Open Access

Stability of a Bi-Jensen Functional Equation II

Journal of Inequalities and Applications20092009:976284

https://doi.org/10.1155/2009/976284

Received: 7 October 2008

Accepted: 24 January 2009

Published: 5 February 2009

Abstract

We investigate the stability of the bi-Jensen functional equation II    in the spirit of Găvruta.

1. Introduction

In 1940, Ulam [1] raised a question concerning the stability of homomorphisms. Let be a group and let be a metric group with the metric . Given , does there exist a such that if a mapping satisfies the inequality
(1.1)
for all , then there is a homomorphism with
(1.2)
for all . The case of approximately additive mappings was solved by Hyers [2] under the assumption that and are Banach spaces. In 1978, Rassias [3] gave a generalization of Hyers' theorem by allowing the Cauchy difference to be controlled by a sum of powers like
(1.3)

Găvruta [4] provided a further generalization of Rassias' theorem in which he replaced the bound by a general function.

Throughout this paper, let and be a normed space and a Banach space, respectively. A mapping is called a Cauchy mapping (resp., a Jensen mapping) if satisfies the functional equation (resp.,

For a given mapping , we define
(1.4)

for all . A mapping is called a bi-Jensen mapping if satisfies the functional equations and .

Bae and Park [5] obtained the generalized Hyers-Ulam stability of a bi-Jensen mapping. Jun et al. [6] improved the results of Bae and Park in the spirit of Rassias.

In this paper, we investigate the stability of a bi-Jensen functional equation , in the spirit of Găvruta.

2. Stability of a Bi-Jensen Functional Equation

Jun et al. [7] established the basic properties of a bi-Jensen mapping in the following lemma.

Lemma 2.1.

Let be a bi-Jensen mapping. Then, the following equalities hold:
(2.1)

for all and .

Now we have the stability of a bi-Jensen mapping.

Theorem 2.2.

Let be two functions satisfying
(2.2)
(2.3)
for all . Let be a mapping such that
(2.4)
for all . Then, there exists a unique bi-Jensen mapping such that
(2.5)
for all with , where
(2.6)
The mapping is given by
(2.7)

for all .

Proof.

Let be the maps defined by
(2.8)
for all . By (2.4), we get
(2.9)
for all and . For given integers ( ),
(2.10)
for all . By (2.2) and (2.3), the sequences , , and are Cauchy sequences for all . Since is complete, the sequences , , and converge for all . Define by
(2.11)
for all . Putting and taking in (2.10), one can obtain the inequalities
(2.12)
for all . By (2.4) and the definitions of and , we get
(2.13)
for all . So is a bi-Jensen mapping satisfying (2.5), where is given by
(2.14)
Now, let be another bi-Jensen mapping satisfying (2.5) with . By Lemma 2.1, we have
(2.15)

for all and . As , we may conclude that for all . Thus such a bi-Jensen mapping is unique.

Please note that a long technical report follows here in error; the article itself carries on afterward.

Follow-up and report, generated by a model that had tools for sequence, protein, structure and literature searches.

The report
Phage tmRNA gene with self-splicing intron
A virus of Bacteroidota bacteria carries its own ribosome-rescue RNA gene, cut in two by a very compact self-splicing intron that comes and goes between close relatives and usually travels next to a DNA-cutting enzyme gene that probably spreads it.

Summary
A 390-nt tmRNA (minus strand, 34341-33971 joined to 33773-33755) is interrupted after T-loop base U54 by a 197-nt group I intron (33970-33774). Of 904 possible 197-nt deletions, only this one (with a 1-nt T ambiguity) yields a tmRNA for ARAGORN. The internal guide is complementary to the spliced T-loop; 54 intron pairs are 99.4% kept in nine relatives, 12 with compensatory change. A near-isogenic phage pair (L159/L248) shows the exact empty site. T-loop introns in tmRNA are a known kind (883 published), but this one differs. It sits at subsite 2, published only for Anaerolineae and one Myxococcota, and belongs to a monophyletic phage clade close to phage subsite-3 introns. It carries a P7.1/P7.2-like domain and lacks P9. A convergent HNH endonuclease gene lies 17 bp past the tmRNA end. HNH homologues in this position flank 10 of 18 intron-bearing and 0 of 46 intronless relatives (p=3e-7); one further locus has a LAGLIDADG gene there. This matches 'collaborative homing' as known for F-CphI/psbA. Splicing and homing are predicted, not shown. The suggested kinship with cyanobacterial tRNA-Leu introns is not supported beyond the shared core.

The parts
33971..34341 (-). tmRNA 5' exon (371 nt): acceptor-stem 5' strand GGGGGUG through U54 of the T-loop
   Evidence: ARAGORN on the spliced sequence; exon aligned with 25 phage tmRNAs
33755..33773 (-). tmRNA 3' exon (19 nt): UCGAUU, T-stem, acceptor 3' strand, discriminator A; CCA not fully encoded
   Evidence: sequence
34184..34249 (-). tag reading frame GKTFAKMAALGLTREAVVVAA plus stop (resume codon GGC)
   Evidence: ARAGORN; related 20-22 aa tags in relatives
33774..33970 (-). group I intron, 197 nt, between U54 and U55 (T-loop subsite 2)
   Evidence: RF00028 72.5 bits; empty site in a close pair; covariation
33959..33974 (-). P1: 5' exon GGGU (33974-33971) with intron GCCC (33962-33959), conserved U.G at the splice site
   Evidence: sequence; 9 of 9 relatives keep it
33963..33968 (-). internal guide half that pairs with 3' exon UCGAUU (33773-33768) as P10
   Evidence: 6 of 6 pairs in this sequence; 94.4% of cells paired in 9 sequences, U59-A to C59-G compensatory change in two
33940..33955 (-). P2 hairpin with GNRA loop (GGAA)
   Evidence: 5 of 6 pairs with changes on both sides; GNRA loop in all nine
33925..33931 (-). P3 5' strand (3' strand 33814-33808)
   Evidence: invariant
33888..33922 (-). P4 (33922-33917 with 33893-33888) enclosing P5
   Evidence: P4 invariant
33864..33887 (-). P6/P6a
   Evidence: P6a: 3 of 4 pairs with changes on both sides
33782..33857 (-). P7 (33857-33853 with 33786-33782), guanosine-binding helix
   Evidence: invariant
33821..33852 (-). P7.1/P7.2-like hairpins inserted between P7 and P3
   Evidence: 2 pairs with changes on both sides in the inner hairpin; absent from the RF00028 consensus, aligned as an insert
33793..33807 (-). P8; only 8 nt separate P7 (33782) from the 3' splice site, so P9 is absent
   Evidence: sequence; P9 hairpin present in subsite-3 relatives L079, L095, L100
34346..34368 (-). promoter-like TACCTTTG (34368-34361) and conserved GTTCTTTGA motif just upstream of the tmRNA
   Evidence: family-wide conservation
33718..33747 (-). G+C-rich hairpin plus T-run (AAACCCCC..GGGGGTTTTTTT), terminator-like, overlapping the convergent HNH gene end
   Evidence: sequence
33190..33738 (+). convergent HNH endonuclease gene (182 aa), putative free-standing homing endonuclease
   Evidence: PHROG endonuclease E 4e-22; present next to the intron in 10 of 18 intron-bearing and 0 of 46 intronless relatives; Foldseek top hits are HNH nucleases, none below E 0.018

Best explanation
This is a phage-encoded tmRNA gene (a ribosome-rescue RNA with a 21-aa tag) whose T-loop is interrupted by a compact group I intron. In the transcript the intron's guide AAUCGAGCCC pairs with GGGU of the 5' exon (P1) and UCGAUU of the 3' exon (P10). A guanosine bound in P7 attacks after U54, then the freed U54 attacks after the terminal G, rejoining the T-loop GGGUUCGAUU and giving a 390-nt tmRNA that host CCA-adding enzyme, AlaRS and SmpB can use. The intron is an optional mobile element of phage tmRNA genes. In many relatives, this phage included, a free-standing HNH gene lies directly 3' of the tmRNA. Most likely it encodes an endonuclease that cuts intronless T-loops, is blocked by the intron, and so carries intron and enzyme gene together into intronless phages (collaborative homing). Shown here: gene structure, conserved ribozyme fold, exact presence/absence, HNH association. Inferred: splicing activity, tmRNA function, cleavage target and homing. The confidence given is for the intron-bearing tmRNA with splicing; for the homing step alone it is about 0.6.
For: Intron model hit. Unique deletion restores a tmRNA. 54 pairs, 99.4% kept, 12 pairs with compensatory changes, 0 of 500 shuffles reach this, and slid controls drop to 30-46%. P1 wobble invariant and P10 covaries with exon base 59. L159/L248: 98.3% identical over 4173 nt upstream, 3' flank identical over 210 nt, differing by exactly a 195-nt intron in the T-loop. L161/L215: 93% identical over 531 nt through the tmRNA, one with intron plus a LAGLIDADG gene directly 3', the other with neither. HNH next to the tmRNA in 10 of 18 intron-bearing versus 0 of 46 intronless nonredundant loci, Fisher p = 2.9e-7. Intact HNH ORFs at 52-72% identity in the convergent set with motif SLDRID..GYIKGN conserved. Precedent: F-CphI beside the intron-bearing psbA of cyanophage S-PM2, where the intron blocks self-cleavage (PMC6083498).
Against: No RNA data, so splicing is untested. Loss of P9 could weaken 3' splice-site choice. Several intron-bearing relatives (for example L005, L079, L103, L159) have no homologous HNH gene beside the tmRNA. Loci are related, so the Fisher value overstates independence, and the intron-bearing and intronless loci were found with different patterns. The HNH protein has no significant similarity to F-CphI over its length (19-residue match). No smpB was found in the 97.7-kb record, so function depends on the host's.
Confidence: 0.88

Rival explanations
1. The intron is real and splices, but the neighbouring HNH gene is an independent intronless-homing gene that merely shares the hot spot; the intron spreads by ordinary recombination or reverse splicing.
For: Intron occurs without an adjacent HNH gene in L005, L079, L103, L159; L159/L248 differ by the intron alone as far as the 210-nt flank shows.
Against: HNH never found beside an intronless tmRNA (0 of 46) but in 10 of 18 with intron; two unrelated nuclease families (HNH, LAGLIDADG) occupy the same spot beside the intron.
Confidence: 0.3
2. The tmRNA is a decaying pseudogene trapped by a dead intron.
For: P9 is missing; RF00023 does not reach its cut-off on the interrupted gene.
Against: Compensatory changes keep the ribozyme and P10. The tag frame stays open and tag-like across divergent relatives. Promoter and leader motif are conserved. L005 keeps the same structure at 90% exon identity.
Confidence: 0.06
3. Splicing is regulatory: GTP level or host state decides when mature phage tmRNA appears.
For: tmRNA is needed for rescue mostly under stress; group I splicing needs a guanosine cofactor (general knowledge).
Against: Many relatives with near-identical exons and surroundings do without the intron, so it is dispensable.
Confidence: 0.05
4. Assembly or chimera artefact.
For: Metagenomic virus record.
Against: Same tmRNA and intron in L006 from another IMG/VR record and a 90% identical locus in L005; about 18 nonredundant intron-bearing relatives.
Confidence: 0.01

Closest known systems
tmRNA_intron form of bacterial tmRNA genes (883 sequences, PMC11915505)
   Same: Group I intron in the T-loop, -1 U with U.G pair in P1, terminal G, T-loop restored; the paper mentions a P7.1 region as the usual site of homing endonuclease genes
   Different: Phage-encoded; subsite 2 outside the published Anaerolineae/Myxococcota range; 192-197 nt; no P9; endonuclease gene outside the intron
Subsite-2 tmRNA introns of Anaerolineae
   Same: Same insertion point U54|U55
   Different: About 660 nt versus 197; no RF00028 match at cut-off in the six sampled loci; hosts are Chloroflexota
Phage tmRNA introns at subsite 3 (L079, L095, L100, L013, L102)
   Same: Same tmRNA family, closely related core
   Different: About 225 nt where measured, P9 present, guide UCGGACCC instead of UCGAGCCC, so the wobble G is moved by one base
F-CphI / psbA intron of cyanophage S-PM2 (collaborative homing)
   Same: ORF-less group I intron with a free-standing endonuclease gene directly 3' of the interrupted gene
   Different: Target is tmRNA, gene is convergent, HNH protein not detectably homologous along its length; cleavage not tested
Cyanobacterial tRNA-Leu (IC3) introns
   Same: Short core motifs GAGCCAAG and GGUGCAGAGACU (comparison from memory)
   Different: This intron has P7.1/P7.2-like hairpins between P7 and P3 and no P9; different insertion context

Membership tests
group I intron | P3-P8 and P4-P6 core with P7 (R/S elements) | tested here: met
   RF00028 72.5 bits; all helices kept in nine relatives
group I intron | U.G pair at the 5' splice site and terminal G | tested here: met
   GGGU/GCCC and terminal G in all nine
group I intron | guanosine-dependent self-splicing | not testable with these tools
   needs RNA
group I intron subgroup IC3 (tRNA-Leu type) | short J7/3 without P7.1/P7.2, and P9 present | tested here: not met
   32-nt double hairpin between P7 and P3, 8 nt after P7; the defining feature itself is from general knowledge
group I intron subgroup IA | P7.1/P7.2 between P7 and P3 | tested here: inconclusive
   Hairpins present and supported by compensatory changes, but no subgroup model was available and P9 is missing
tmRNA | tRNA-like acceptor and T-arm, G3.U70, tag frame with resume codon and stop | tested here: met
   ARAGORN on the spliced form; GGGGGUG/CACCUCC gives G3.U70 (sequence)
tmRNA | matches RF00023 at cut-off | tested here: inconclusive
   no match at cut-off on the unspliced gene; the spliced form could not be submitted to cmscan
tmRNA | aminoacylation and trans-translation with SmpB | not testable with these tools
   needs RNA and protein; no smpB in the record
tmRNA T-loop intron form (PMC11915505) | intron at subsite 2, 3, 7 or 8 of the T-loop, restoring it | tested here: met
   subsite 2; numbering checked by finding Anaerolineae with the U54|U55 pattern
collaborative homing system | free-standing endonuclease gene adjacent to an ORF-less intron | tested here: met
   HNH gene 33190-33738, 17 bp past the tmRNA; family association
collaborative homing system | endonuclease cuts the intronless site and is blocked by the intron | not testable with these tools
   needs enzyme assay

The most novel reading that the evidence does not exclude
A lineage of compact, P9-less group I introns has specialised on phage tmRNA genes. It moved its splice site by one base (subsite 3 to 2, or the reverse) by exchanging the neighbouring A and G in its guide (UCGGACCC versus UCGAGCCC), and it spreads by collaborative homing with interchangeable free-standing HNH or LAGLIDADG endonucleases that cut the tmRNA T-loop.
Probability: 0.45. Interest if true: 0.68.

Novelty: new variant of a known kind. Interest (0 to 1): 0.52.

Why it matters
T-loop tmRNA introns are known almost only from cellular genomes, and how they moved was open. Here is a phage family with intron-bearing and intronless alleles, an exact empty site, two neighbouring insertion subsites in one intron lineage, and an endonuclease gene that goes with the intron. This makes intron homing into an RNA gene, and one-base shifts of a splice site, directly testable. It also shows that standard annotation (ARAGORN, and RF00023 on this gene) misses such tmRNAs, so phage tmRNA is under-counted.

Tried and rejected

Remark 2.3.

Let be the functions defined by
(2.16)
for all . Let be the bi-Jensen mappings defined by
(2.17)

for all . Then, , and satisfy (2.2), (2.3), (2.4) for all . In addition, satisfy (2.5) for all and also satisfy (2.5) for all . But we get . Hence, the condition is necessary to show that the mapping F is unique.

We have another stability result applying for several cases.

Theorem 2.4.

Let be two functions satisfying
(2.18)
for all . Let be a mapping satisfying (2.4) for all . Then, there exists a unique bi-Jensen mapping satisfying
(2.19)
for all . The mapping is given by
(2.20)

for all .

Proof.

By (2.4) and the similar method in Theorem 2.2, we define the maps by
(2.21)
for all . By (2.4) and the definitions of , , and , we get
(2.22)
for all . By the similar method in Theorem 2.2, is a bi-Jensen mapping satisfying (2.19), where is given by
(2.23)
Now, let be another bi-Jensen mapping satisfying (2.19). Using Lemma 2.1, , and , we have
(2.24)

for all and . As , we may conclude that for all . Thus such a bi-Jensen mapping is unique.

Theorem 2.5.

Let be two functions satisfying
(2.25)
(2.26)
for all . Let be a mapping satisfying (2.4) for all . Then, there exists a bi-Jensen mapping satisfying
(2.27)
for all , where the mapping is given by
(2.28)

for all .

Proof.

We can obtain as in Theorem 2.4 and as in Theorem 2.2. Hence, is a bi-Jensen mapping satisfying (2.27), where is given by
(2.29)

Theorem 2.6.

Let be two functions satisfying (2.2) and (2.26) for all . Let be a mapping satisfying (2.4) for all . Then, there exists a bi-Jensen mapping satisfying
(2.30)
for all , where the mapping is given by
(2.31)

for all .

Theorem 2.7.

Let be two functions satisfying (2.3) and (2.25) for all . Let be a mapping satisfying (2.4) for all . Then, there exists a bi-Jensen mapping satisfying
(2.32)
for all , where the mapping is given by
(2.33)

for all .

Applying Theorems 2.2–2.7, we easily get the following corollaries.

Corollary 2.8.

Let and . Let be a mapping such that
(2.34)
for all . Then, there exists a unique bi-Jensen mapping such that
(2.35)

for all .

Proof.

Applying Theorem 2.2 (Theorems 2.4 and 2.5, resp.) for the case ( and , resp.), we obtain the desired result.

Corollary 2.9.

Let ( ), and . Let be a mapping such that
(2.36)
for all . Then, there exists a unique bi-Jensen mapping such that
(2.37)

for all .

Proof.

Applying Theorems 2.6 and 2.7, we obtain the desired result.

Authors’ Affiliations

(1)
Department of Mathematics, Chungnam National University
(2)
Department of Mathematics Education, Gongju National University of Education

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Copyright

© Kil-Woung Jun et al. 2009

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